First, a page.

PHOTOCREO Michal Bednarek /
13 August 2015Peter Pitts

Why biopharma patents should be free from PTAB clutches

The UK’s pharmaceutical industry reportedly employs more than 70,000 workers and in 2013 contributed around £13 billion ($20.2 billion) to the economy.

The industry’s future, however, could be in jeopardy due to patent law changes across the Atlantic. British drug firms’ intellectual property faces an unprecedented threat from a US patent review board. The Patent Trial and Appeal Board (PTAB) has invalidated many legitimate patents.

In 2011, Congress passed the American Invents Act (AIA), which established the PTAB. Lawmakers hoped the PTAB would efficiently resolve disputes between patent owners and alleged infringers that challenge the legitimacy of certain patents. Congress gave the PTAB the power to invalidate the overly broad patents used by ‘patent trolls’.

Under the PTAB, patent challengers must only demonstrate that it’s more likely than not that a claim to IP is too broad in order to invalidate a patent claim. By comparison, federal courts require alleged infringers to provide “clear and convincing” evidence that a patent is too broad and therefore cannot be infringed.

The PTAB’s burden of proof is about as reliable as a coin toss.

Because infringers can wipe away their guilty verdicts by successfully challenging a patent, the financial incentive to challenge legitimate IP rights is enormous. Last October, US company Ultratec, which makes closed-caption phones for deaf people, successfully defended its patents in the district court against an infringer and won $44 million in damages. The infringer challenged the patents’ legitimacy—which had already been upheld by the court—and won thanks to the PTAB’s weaker standards. The guilty verdict and the damages were overturned.

Rulings such as this have led Randall Rader, former chief judge of the US Court of Appeals for the Federal Circuit, to compare the PTAB to “death squads killing property rights”. The PTAB has reviewed three times as many challenges as the US government initially expected, and ruled in favour of the challenger in a high percentage of cases.

“Unlike a court of law, the PTAB doesn’t even require patent challengers to prove they’ve been damaged by the patent. Anybody can challenge any patent.”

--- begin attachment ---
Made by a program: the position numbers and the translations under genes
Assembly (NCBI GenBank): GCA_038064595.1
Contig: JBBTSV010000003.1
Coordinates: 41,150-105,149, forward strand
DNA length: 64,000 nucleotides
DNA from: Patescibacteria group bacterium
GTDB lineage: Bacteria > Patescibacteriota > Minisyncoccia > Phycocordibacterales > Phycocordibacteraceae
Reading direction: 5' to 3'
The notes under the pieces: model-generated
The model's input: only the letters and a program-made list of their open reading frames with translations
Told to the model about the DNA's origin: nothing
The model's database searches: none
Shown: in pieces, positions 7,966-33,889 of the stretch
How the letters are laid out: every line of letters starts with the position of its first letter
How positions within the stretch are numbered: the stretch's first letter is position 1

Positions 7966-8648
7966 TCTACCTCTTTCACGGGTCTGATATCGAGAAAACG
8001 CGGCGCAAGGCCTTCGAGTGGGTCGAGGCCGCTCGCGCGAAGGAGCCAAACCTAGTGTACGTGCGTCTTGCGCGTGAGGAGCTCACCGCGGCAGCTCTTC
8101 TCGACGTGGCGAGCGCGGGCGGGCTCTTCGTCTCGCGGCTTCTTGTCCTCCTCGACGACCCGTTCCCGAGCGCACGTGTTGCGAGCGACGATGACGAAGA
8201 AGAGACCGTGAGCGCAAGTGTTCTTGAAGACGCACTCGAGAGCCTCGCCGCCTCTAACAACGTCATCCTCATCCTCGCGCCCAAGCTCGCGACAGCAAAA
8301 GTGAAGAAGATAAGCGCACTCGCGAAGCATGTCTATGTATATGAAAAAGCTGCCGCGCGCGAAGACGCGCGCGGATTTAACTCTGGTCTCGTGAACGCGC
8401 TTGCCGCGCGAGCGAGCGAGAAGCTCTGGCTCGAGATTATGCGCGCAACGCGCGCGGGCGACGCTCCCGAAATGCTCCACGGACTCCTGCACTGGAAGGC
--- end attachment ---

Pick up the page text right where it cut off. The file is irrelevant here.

Absent reform, innovators across the globe could see their patents gunned down by the PTAB.

Unlike a court of law, the PTAB doesn’t even require patent challengers to prove they’ve been damaged by the patent. Anybody can challenge any patent. As a result, hedge funds have bet that certain pharma company stocks will decline in value, and then filed challenges against those companies’ patents. The threat of the biased PTAB invalidating revenue-generating patents spooks investors and drives down the stock price.

This blatant manipulation could prevent biopharma companies from raising funds for new drug research.

Largely as a result of the PTAB, patents have lost two-thirds of their value since 2011, according to one broker from AmiCOUR IP Group, a consultancy firm. Richard Baker, president of another consultancy business, New England Intellectual Property, estimates that the AIA as a whole has cost the US economy more than $1 trillion.

Few other industries rival biopharma’s expensive research and development (R&D) process. The creation of a new medication costs on average £1.15 billion and  takes a decade. Only 12 percent of clinically tested molecules eventually win the approval of the US Food and Drug Administration, and even among those that do, only 20 percent ever turn a profit.

By undermining the validity of biopharma patents, the PTAB makes it even more uncertain that biopharma R&D will yield a return for investors. Firms will have little choice but to scale back research on risky projects. Given the global presence and integration of British biopharma giants such as GSK and AstraZeneca, cuts in the US will reverberate across the UK economy.

The PTAB’s skewed standards will have a chilling effect on innovation, deterring would-be inventors from taking risks and investing in the technologies of tomorrow. Congress must recognise that IP rights drive medical progress and exempt biopharma patents from the PTAB’s reviews.

Peter Pitts is a former FDA associate commissioner and is currently president of the  Center for Medicine in the Public Interest. He can be contacted at:

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